26. When I worked at NFR Security, we had a co-worker Jason Wright (immortalized in the Wikipedia page on IPSEC). He was an OpenBSD-associated dev that wrote our ethernet drivers. He was publicly accused of inserting code into OpenBSD to weaken its random number generator on behalf of the FBI. We came in that morning, and he had to make a public statement about how it was a nonsense accusation. All his commits to OpenBSD were given strong scrutiny. I think there were minor bugs found in the commit, but no clear evidence that he managed to break random number generation in OpenBSD.

  27. so the implication is that the back door might have been a deliberate action on the part of NIST to selectively spy on folks?

  28. Well, you were right.
    PortSmash:
    "In a paper scheduled for release soon, researchers document how they were able to exploit the newly discovered leak to recover an elliptic curve private key from a server running an OpenSSL-powered TLS server. The attack, which was carried out on servers running Intel Skylake and Kaby Lake chips and Ubuntu, worked by sending one logical core a steady stream of instructions and carefully measuring the time it took for them to get executed."

  29. Basically, "If you don't use this, that may have a backdoor, and instead use your own to make it more secure, we'll say you're less secure…" Well that makes sense…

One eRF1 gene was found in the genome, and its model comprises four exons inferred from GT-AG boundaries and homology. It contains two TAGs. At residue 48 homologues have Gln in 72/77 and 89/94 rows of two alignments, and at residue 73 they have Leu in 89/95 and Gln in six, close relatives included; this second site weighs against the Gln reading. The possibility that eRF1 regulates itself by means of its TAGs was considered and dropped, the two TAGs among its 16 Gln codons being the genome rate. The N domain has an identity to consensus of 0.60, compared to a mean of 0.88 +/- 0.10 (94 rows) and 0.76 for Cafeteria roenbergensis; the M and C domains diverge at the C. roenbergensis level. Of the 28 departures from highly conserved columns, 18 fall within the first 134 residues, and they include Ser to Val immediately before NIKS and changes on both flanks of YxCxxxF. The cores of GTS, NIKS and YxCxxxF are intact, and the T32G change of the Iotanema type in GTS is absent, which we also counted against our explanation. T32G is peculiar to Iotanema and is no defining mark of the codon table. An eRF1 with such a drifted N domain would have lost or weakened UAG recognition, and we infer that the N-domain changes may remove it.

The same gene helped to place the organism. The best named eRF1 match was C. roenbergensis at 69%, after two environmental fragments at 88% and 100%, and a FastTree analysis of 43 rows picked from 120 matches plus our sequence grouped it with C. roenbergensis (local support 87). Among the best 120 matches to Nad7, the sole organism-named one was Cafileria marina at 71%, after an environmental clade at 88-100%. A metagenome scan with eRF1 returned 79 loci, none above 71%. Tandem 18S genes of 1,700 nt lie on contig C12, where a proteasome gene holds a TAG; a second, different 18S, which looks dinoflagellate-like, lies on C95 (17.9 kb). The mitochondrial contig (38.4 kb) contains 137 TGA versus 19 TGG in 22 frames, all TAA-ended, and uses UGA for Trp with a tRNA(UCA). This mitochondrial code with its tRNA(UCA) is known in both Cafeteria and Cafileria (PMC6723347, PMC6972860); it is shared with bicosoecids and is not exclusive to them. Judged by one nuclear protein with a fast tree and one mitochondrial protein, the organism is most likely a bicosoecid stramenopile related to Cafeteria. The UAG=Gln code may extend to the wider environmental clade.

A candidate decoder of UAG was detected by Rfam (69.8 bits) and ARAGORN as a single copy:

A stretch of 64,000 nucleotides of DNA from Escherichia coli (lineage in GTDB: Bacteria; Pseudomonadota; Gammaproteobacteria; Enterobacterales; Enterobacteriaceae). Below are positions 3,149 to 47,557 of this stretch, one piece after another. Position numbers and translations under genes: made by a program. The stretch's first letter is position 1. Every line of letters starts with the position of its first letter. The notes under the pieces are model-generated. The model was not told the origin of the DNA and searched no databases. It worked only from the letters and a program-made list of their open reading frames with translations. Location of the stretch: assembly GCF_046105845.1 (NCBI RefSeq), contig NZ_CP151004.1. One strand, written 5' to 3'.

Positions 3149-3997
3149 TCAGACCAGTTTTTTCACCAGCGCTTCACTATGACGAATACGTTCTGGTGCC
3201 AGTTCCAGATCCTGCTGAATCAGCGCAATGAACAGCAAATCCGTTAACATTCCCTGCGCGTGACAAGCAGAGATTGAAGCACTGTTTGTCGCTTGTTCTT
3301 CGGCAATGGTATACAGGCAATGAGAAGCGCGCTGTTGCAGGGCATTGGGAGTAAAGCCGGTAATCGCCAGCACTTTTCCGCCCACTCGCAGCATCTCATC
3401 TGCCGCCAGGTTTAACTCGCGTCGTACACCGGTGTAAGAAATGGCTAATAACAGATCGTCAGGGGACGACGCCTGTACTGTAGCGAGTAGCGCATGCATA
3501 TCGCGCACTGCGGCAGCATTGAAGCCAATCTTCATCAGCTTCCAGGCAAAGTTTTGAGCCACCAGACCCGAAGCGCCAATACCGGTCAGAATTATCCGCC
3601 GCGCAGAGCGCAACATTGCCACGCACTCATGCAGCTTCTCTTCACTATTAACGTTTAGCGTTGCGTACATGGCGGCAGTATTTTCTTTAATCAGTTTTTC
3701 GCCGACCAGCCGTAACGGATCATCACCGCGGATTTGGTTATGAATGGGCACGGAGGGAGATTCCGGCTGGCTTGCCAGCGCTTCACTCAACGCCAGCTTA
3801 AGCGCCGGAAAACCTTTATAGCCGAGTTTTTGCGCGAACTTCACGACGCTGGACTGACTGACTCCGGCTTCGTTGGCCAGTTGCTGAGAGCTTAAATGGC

30. Doesn’t bitcoin use elliptic curve? Does that mean the NSA might be able to calculate everyone’s private keys?

  31. Given that the numbers chosen for the s-boxes in DES were deliberately weak to allow for an easy backdoor, we probably shouldn't trust any more numbers from nist.

    Fool me once, shame on you, fool me twice – shame on me!

  32. "Any one who considers arithmetical methods of producing random digits is, of course, in a state of sin. "

    John Von Neumann

  33. So, always use your own random numbers … I bought some icosaeders , dodecaeders etc. for that.

  34. Excellent video Dr. Pound. You have a great way of explaining things at just the right level of detail. Making notes on 132 column tractor feed paper is just an aded bonus! Keep up the great work.

  35. /me wondered about if other curves such as Curve25519 might have been similarly affected,

    thankfully not AND the bad one's not in use anymore, afaik…

  36. I wouldn't call SHA-1 broken, just not complex enough for people motivated enough to break it.
    Sure there are vulnerabilities which make it easier to find a collision, but it still takes a lot of computing power to do so.
    SHA-256 could also be "broken" if people were motivated enough.